Po Bronson, co-author of "Nurture Shock: New Thinking About Children," agrees, noting the odds that a child who has been labeled gifted at 5 will still test as gifted even a couple of years later are surprisingly poor.
"The tests work for measuring current intelligence," he writes. "But it's a bad bet, and a bad investment, if we're counting on any test to predict a young child's future."
A 1973 classic study was done by Robert McCall of the University of Pittsburgh and U.C.–San Diego's Mark Appelbaum. They looked at the stability of childhood IQ, testing 80 children who'd taken the tests roughly once a year between the ages of 2½ and 18. They found that IQ scores were least stable before the age of 6.
"How can you lock children into a specialized educational experience at so young an age?" asks McCall. "As soon as you start denying kids early, you penalize them almost progressively. Education and mental achievement builds on itself. It's cumulative."
Despite very serious questions about the value of testing such young children, there's a strong trend in this direction.
The National Association for Gifted Children reports that "no federal agency or organization collects these (gifted) student statistics." Yet states seem to be testing kids at younger and younger ages. Elite schools in New York City require testing for admission to kindergarten. In Colorado, parents begin the process for early entrance to kindergarten or first grade by completing an application that includes samples of student's work in math, writing and drawing. In Arizona, testing for giftedness begins in kindergarten.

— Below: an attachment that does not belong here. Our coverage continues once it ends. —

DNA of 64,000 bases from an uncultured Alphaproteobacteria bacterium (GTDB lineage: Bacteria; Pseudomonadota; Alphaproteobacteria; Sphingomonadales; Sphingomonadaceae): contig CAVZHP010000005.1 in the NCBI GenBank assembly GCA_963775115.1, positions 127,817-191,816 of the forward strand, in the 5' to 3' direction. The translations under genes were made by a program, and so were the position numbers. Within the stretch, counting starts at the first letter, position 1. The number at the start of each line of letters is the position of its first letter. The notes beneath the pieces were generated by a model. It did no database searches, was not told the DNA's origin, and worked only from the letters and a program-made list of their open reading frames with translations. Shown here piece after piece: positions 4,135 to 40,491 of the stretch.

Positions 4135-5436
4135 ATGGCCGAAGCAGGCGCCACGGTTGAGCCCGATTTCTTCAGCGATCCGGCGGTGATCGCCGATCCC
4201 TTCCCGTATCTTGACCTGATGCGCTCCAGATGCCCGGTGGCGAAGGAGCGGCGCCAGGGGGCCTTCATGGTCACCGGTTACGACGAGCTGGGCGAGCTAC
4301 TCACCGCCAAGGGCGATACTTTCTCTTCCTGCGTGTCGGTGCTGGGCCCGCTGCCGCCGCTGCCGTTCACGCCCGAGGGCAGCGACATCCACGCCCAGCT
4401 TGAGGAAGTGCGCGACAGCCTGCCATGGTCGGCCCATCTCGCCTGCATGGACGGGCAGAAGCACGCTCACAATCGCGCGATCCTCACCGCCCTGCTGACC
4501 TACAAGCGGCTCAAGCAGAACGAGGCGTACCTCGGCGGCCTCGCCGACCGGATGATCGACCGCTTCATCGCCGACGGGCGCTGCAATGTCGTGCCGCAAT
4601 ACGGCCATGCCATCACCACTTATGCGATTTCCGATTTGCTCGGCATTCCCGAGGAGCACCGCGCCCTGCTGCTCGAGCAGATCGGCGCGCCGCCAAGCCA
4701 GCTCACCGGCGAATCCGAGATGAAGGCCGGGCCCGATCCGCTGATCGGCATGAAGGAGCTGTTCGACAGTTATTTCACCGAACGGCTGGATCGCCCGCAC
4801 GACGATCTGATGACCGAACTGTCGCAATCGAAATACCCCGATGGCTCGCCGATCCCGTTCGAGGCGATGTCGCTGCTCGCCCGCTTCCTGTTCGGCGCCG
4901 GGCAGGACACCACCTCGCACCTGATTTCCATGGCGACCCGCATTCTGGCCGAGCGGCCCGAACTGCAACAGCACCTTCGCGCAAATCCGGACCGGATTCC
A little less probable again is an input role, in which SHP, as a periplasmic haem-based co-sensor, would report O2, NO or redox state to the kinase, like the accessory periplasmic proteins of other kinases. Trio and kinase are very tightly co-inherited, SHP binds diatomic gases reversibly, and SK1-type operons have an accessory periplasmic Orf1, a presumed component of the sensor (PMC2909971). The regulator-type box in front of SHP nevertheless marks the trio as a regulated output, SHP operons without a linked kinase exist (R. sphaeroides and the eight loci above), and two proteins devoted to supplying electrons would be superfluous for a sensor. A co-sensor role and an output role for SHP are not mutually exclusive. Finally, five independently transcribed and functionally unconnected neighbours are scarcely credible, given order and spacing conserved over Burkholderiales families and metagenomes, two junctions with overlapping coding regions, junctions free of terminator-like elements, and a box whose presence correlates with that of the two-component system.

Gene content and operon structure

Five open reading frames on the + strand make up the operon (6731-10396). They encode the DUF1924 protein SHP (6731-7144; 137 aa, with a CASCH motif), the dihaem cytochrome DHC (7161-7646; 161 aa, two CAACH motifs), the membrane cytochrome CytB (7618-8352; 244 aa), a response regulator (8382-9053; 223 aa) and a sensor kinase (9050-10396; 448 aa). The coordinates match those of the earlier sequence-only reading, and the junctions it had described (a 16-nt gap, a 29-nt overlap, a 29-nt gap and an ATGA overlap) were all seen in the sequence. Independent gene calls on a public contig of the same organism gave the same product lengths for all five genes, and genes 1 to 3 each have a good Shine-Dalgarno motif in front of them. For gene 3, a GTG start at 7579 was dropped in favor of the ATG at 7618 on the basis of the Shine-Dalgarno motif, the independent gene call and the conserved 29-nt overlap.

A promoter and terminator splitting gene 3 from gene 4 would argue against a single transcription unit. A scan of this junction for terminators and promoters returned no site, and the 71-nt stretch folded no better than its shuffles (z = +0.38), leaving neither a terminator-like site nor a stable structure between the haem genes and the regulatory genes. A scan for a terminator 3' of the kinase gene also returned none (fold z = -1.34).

Parents themselves are rushing their children into these testing programs. The Internet is loaded with page after page of advice columns, blogs and ads for books to help tell if your kid is really smart. (Some 3 million children of all ages are in gifted programs around the United States, the National Association for Gifted Children reports.)
The problem is, as we label kids as gifted earlier and earlier, we are surely missing many children who could take advantage of such programs.
If boys are routinely missed early, will their parents start to look differently at them? Chances are they'll think, "My kid just doesn't have the right stuff." In their panic, parents may rush their very young boys into programs that promise to make them smarter. In all likelihood, parents just have to wait a year a two until their sons catch up.
What's needed here is a dollop of common sense. We certainly want to encourage our gifted children, both boys and girls. But prematurely rushing them into testing flies in the face of our best scientific knowledge.
The tortoise often catches up to the rabbit, if we just let kids develop normally.
Dr. Rosalind Chait Barnett is a senior scientist at the Women's Studies Research Center at Brandeis University and Caryl Rivers is a professor of journalism at Boston University. They are co-authors of "Same Difference: How Gender Myths Are Hurting Our Relationships, Our children and Our Jobs."
National Association for Gifted Children